You might even get fancy with it. Casualties in a 51/49% battle are usually high, which isn’t good, so maybe you only accept judgments of overwhelming consensus. Maybe you figure, for a war, you need men and money, so you make sure you have a majority of both. Maybe there are some things that people will fight so hard over that you don’t even bother with the vote, because regardless of how it comes out, someone is dying if the issue is pushed. Maybe everyone agrees it’s a terrifyingly chaotic world and the only important thing is to be very clear about who is in charge at any given point regardless of what they decide. You can turn these into formalisms about “supermajorities” or “multicameralism” or “rights” or “sovereignty”, but they ultimately boil down to attempts to reduce the tension between expected formal outcomes and expected post-political outcomes when push comes to shove.
(And note that absolutely none of this hinges on whether you’re a “tribal chiefdom” or “democracy” or a “constitutional monarchy” or a “military dictatorship” – every government and leader needs to balance constituencies to remain alive; the mechanisms they use to do so are different, but they’re all analyzable via the same lens. In systems like military dictatorships, the consultative process follows the same logic albeit in a somewhat more ad-hoc way; for instance you need the support of the army itself, which means you get the army fed first, and your influence is routed through the army, so you put the army in charge of stuff partially as a payoff and partially as a control mechanism. Demographics that form core support for the state like Sunnis in Saddam era Iraq or Alawites in Assad era Syria are favored but also get drafted first, etc. This doesn’t mean you need some constitution where you explicitly write down that particular demographics or institutions get increased representation.)
This explains how you can have a formally reified action that checks all the correct boxes and is nonetheless “illegitimate”. It also explains how you can have the seeming paradox of people simultaneously describing themselves as “law-abiding” and threatening to disregard duly enacted legislation. You can have a situation where ordinarily a constituency is willing to participate in the back-and-forth of politics, have their needs and desires balanced against others, even losing more than they would in a perfect world, as long as their irreducible interests are respected – and instead they are effectively made into outlaws, where the government refuses to protect them and in fact predates on them, because the ruling coalition was able to sufficiently manipulate procedural outcomes in a way that hacked the formalism instead of addressing the actual interests of the constituencies involved.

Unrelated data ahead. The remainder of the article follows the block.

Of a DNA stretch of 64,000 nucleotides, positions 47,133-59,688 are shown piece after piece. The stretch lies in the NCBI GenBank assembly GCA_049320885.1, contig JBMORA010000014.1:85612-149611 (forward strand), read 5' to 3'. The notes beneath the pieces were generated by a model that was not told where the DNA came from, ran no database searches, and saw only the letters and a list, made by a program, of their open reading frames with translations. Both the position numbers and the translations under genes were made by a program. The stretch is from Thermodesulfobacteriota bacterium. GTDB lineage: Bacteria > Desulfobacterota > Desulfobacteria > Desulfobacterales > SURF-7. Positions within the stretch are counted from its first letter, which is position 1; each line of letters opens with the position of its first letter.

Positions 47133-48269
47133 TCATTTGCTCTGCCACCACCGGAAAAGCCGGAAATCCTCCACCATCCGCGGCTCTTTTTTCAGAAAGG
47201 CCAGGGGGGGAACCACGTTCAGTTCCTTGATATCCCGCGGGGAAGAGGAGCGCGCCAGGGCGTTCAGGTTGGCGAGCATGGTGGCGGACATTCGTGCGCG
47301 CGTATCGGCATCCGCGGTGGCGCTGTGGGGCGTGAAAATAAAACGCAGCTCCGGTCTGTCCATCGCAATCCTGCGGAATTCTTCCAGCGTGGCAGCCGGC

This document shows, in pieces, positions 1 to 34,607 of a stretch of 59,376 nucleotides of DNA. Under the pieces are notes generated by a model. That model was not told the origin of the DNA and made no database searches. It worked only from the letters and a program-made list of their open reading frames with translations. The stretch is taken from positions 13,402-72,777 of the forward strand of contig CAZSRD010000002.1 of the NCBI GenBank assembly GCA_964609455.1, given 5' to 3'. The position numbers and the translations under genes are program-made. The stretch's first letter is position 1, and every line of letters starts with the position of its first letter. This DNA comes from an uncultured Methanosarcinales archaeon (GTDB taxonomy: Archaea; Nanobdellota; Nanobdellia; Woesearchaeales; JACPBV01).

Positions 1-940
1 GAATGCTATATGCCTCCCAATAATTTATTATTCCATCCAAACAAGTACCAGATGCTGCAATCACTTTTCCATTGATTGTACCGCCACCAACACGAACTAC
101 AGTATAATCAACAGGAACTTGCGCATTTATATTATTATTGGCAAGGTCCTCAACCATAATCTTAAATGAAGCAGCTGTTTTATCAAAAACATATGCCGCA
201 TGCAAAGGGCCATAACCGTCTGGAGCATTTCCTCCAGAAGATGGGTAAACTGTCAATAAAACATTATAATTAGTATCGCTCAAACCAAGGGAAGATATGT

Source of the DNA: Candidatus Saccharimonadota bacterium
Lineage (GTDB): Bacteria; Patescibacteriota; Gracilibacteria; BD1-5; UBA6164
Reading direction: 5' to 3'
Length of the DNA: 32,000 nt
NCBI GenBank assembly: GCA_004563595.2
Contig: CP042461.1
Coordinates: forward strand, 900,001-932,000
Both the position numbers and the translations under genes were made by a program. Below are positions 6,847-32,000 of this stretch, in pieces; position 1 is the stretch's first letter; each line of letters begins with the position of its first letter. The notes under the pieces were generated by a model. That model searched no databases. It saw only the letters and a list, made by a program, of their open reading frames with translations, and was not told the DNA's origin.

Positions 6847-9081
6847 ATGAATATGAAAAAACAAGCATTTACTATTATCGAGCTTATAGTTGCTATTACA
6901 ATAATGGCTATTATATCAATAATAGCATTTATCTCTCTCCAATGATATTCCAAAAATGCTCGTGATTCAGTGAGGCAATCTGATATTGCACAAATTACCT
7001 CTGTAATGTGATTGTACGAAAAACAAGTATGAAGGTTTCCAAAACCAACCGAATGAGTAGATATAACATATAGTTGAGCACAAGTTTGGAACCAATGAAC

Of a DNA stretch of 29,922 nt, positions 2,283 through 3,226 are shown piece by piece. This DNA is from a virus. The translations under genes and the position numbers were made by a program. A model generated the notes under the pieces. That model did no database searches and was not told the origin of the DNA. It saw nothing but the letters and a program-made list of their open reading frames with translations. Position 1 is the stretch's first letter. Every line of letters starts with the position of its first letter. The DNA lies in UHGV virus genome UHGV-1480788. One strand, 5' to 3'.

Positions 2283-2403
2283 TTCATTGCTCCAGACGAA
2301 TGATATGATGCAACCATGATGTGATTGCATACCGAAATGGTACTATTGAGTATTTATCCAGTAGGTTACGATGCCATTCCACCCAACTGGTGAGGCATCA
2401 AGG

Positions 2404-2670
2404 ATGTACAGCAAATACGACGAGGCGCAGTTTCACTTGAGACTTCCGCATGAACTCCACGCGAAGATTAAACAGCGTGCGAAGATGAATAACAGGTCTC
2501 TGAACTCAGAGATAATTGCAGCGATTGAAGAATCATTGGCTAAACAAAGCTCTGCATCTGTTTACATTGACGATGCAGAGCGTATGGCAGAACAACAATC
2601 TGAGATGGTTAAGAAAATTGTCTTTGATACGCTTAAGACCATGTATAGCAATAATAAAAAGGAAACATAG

In effect, the government attempts to not only treat them as junior partners in a commonwealth, but to exclude them from all possible future coalitions and ideally remove them from the polity – eg, by turning Grandpa into a felon because of the weapon he’s used responsibly for 70 years, or forcibly deindustrializing them until they are only fit to be a tourist playground for urbanites, or expropriating their wealth to the point where they are economically unsustainable. Under those circumstances, what exactly is the incentive to cooperate with the system?
So let’s flash forward 5000 years to Virginia. How’s that working out?
Well, Virginia mostly runs their government by counting the number of warm bodies they can stuff into voting booths (or the mailbox, if they can’t be bothered to walk to the polls). A huge number of these were imported to the DC suburbs & urban Virginia over the last 10 years or so, mostly from overseas. They don’t really pay net taxes and aren’t available for (useful) fighting, but they vote, and even when they don’t, they increase the representatives allocated to blue areas. In their infinite wisdom, the newly elected reps from those areas decided the most important thing to do with their formal power was to symbolically take a dump in the moccasins of the rest of the state by attempting to disarm them, and then try to structurally rig their formal power in perpetuity by importing additional criminals and foreigners into the polity.
It kind of seems like those reps really don’t have any intention of letting the rest of the state accommodate the interests of their constituencies – instead they have the option of a perpetual rural Illinois or inland California style colonial status, tax cattle who exist only for resource extraction and symbolic helot-style cultural attacks, or varying levels of “do something about it”.
“But wait!” shouts the increasingly nervous midwit quasi journalist (what was the last story Jamelle Bouie broke, again?) “We had a vote!” Frantically he drops a bundle of absentee ballots postmarked Tegucigalpa. “Our legitimate legislative powers have been… invoked!”
What Bouie doesn’t realize is that votes aren’t “power”. Power is power, and a lot of very smart and very nervous people spent a lot of time trying to design a government that reflected where power comes from in its formal mechanisms, and reflected what people were willing to fight over in its declaration of rights. Now that those are treated as mere paper rituals to be short-circuited, we get to see why those founders were so concerned about getting it right.